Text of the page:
The bill would allow students to apply to enroll in a closer school if they meet certain criteria.
To qualify, a student's current school must be at least 10 miles from where they live and the new school must be at least 5 miles closer. A school does not have to allow a student to transfer if the desired class is full.
The bill sponsor, Rep. Rodney Schad, R-Versailles, said living far away from schools causes students to miss class.
“It is a situation where these kids are exhausted sometimes. Time is taken away from them and their parents, because they are riding these long school bus rides,” Schad said.
Opponents of the bill say this could lead to "open enrollment" where students can choose any public school in the state to attend.
Rep. Joe Aull said although the intention of the bill is good, it has too many uncertainties and someone could take advantage.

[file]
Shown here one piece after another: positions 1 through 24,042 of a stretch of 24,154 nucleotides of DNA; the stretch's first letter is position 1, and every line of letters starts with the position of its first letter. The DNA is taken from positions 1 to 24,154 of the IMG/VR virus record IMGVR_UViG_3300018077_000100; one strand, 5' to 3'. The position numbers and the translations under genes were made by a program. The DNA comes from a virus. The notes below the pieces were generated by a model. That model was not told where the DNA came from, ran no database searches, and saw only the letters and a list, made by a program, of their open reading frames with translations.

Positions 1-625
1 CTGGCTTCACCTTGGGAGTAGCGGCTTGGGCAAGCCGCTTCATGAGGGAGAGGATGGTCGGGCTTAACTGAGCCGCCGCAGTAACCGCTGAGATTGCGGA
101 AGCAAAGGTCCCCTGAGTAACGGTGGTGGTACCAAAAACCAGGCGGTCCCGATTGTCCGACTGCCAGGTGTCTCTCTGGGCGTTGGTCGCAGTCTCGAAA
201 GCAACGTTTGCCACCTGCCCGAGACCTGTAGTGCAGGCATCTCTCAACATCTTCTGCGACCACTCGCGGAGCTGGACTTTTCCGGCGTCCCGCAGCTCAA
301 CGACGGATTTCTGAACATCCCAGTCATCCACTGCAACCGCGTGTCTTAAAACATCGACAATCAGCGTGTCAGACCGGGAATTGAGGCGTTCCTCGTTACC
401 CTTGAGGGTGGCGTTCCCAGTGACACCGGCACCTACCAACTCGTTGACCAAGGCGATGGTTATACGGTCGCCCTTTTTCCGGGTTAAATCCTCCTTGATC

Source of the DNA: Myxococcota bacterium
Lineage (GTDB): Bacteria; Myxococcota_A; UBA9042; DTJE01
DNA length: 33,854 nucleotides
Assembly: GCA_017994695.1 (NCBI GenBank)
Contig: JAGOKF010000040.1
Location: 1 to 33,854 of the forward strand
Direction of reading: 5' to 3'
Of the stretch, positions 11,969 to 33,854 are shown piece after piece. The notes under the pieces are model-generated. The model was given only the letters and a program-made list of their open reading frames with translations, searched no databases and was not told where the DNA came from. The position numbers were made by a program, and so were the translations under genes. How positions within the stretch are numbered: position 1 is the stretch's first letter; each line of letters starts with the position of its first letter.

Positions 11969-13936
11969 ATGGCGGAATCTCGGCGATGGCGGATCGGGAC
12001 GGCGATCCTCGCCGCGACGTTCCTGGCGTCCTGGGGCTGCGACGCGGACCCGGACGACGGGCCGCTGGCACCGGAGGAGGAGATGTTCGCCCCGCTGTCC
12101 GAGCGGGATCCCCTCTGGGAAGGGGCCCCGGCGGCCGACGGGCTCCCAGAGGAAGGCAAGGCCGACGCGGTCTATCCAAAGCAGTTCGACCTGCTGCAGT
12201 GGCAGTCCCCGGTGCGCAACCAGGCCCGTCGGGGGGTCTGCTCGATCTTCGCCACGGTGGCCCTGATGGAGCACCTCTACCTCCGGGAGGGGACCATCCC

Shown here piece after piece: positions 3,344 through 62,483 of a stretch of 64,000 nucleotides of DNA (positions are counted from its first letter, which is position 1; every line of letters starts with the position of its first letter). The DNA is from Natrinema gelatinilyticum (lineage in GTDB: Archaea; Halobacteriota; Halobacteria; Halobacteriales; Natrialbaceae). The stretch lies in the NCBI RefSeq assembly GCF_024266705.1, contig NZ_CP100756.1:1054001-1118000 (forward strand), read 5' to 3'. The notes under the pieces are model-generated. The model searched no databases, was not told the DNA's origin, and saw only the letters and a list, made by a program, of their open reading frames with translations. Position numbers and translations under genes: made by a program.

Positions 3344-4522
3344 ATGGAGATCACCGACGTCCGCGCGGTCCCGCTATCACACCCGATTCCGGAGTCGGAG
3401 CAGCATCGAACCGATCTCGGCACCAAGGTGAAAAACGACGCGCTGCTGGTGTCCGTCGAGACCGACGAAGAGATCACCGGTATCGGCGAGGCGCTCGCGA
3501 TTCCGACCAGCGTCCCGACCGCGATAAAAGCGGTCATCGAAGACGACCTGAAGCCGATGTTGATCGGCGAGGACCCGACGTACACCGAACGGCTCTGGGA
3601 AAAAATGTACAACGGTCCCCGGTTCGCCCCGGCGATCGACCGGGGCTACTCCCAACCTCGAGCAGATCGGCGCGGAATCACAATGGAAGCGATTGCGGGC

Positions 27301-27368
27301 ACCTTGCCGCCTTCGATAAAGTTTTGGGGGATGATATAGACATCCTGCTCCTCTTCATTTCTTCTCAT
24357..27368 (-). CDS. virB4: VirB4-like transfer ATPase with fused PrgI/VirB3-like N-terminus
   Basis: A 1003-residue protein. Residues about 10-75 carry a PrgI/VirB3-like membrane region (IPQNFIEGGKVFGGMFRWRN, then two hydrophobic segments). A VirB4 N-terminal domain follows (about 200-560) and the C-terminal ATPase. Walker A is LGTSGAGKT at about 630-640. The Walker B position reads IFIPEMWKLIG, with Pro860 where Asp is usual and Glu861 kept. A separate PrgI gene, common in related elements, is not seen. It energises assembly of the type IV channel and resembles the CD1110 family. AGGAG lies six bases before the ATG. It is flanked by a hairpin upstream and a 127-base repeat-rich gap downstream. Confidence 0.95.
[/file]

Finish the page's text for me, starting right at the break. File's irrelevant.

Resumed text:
“District boundaries are set for a reason, and I’m worried about what’s going to happen in the future,” Aull said.
Rep. Genise Montecillo, D-St. Louis, opposed the bill.
She said she had also experienced long school bus travel when she was a kid, but she do not think it impacted her education experience at all. She said she was concerned about resource distribution.
“It can ruin the entire [lower education] system,” Montecillo said.
The Majority Floor Leader Rep. Tim Jones, R-St. Louis County, said he was happy to see the bill passed.
“Many representatives who were a little timid about education reform voted for this bill. I was thrilled with the result, I think it's also a victory for parents and tax payers today,” Jones said.
The bill passed with a close vote of 85 - 72 and now moves to the Senate.